Two developments (the first, over the last three weeks, and the other, work in progress of sorts) underscore the role that sentiments could play in driving divergence between the actual direction of a measure and the trajectory suggested by its underlying processes.

Global oil markets have recently presented us (denizens of oil-exporting economies, whose public finances are burdened by and currently labour under much lower oil prices) with the possibility of a price recovery. From around US$42 per barrel (pb) early January, oil now sells for about US$60pb.

What has changed, and by how much, since the heady days when predictions were of the bottom falling out of the oil market, and a bloody cull of marginal producers?

The rig count, for starters. Last week’s drop (Bloomberg reports US drillers idled 48 rigs — 37 of them oil rigs) was the 11th consecutive weekly drop this year, bringing the number of mothballed rigs to 1,310 since the oil price tanked. The rig count matters in the context of rigs being the major production piece in oil exploitation. As rigs fall, drilling should fall off, and with drilling activity slowing, much less oil should be produced.

Add to this, the fact that across the sector, oil exploration companies are reportedly cutting down on their capital expenditure budgets, and the Organisation for Petroleum Exporting Countries’ (OPEC) bid for market share, which lies at the heart of the current crisis in the oil market looks like being fulfilled. Recall that OPEC had argued for lower prices as part of a process of throttling marginal producers whose expensive operations was made profitable by high oil prices, but who were likelier on account of lower prices to leave the markets first?

Peek a little under the headlines, though, and the picture barely concealed beneath all the new guff is far more nuanced. Only last week, the (US) Energy Information Administration forecast that United States’ production of the black gunky stuff would top 9.3 million barrels every day this year. This is much more than the US did last year, and the highest it has produced in four decades. It helps to add that product at this level puts the US at the head of the global log of oil producing nations.

A rise in the number of decommissioned oilrigs. Rising US oil production. Recovery in crude oil prices. Arguably, the arithmetic does not add up. Especially when demand is far from back up. The US remains the only healthy economy today. Emerging markets labour under the prospects of continued recovery in the US feeding off capital that ordinarily would have headed their way. Output in the euro area is not likely to be headed anywhere soon, distracted, as policy makers there are by the game of chicken they are playing with Greece (on the economic front), and with Russia (on the political one).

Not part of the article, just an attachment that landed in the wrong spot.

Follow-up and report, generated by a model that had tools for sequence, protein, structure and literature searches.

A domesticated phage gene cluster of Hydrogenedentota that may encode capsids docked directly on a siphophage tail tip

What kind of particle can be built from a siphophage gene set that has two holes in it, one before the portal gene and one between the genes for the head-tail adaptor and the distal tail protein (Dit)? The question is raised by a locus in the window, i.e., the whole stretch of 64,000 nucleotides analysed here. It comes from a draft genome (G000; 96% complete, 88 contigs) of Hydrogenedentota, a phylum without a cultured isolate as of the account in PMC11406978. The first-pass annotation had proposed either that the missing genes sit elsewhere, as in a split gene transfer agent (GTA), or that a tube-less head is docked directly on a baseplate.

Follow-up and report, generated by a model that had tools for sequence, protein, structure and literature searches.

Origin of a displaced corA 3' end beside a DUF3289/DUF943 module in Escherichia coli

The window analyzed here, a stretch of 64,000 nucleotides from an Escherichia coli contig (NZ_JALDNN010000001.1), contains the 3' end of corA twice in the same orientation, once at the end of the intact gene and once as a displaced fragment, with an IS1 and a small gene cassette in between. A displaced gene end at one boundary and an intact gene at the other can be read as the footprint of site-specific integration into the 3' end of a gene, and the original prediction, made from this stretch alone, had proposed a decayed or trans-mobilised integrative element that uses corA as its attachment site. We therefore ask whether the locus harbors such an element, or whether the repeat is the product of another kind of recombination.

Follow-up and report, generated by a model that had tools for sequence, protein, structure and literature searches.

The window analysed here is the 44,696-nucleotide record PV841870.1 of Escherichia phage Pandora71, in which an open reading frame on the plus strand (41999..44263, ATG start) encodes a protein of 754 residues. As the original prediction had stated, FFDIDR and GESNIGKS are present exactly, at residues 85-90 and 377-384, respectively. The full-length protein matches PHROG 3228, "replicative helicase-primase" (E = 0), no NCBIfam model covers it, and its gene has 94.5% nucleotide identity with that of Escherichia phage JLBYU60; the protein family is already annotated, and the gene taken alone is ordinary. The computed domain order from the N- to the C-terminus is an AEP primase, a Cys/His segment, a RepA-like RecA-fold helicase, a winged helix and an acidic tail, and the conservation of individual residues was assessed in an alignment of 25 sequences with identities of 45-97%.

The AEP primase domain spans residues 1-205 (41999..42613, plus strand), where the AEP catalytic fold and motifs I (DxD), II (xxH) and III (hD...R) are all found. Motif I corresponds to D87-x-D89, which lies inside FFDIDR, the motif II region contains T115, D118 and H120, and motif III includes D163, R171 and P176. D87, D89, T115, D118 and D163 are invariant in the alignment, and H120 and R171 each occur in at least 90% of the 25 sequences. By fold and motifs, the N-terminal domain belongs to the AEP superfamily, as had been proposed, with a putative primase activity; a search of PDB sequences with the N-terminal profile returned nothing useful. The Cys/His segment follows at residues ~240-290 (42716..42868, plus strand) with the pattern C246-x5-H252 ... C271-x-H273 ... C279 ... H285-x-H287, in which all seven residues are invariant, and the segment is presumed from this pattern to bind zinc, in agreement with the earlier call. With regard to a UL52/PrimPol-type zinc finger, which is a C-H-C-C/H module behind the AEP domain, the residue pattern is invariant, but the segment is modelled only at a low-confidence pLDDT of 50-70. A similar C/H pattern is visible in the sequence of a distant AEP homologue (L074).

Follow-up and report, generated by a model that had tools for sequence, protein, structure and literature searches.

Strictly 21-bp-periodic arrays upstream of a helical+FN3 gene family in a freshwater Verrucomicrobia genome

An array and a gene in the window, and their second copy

Growth in China slowed last year, and is projected to soften further this year. Most China-watchers do not expect growth to resume there until the authorities successfully manage their efforts to redirect the growth engine from exports to domestic consumption. And may be, not even after that. Even with services driving new output in China, it is doubtful that we will see a return to the heady output numbers that described much of the last three decades there.

India? Strong new growth numbers — the Narendra Modi effect? But India is largely a service economy, and its manufacturing base is too small for higher growth to drive the kind of global demand that the Chinese economy was recently accused of being responsible for.

Flat-lining demand. Bolshie supply. Oil prices should be anywhere but up. In the end, this tension is easily explained. Those pesky fund managers, that is why. Their models make the obvious link between falling rig counts, lower oil production levels, and an eventual rise in oil prices, and their traders hit the “buy” button. The buildup of oil inventory associated with the “financialisation” of the oil market explains how much of the 2 million barrels a day excess of supply over demand was accounted for at the height of the oil bull market. Two weeks ago, the EIA reported that crude oil in storage in the US had risen by 7.7 million barrels to 425.6 million barrels, 20% up on the five-year average.

Still, the supply of storage space is finite, as is fund managers’ appetite for the oil punt. The Economist reports this week that “Storage facilities in Europe and Asia are already 80-85% full. Much more and they will overflow. As it is, companies are renting tankers to keep oil in”. On this evidence, oil prices still have further to go, but in a different direction from where they now point.

This leads to the second of my developments. The link between oil prices and the naira’s exchange rate is basic economics in the country today. The central bank only reinforced that link when, last week, it closed down its official foreign exchange sales window. We are not selling enough oil, and thus not earning sufficient dollars to support the central bank’s traditional play in the foreign exchange markets.

However, it would seem to me that the naira is depreciating far more than the fundamentals suggest. Indeed, it has completely ignored the bulls’ recent appearance in the oil markets. How much, therefore, of the demand pressure on the naira is the result of the markets’ worry over the sophistication of our domestic policy responses?

Put differently, have we responded to concerns over the ability of the economy to sustain the naira exchange rate, in our preferred band, in a way that reassures the market that we understand the issues involved, and we have the tools — both fiscal and monetary — to do so?

I do not think we have, or that we currently can. This is why the naira may have further to fall.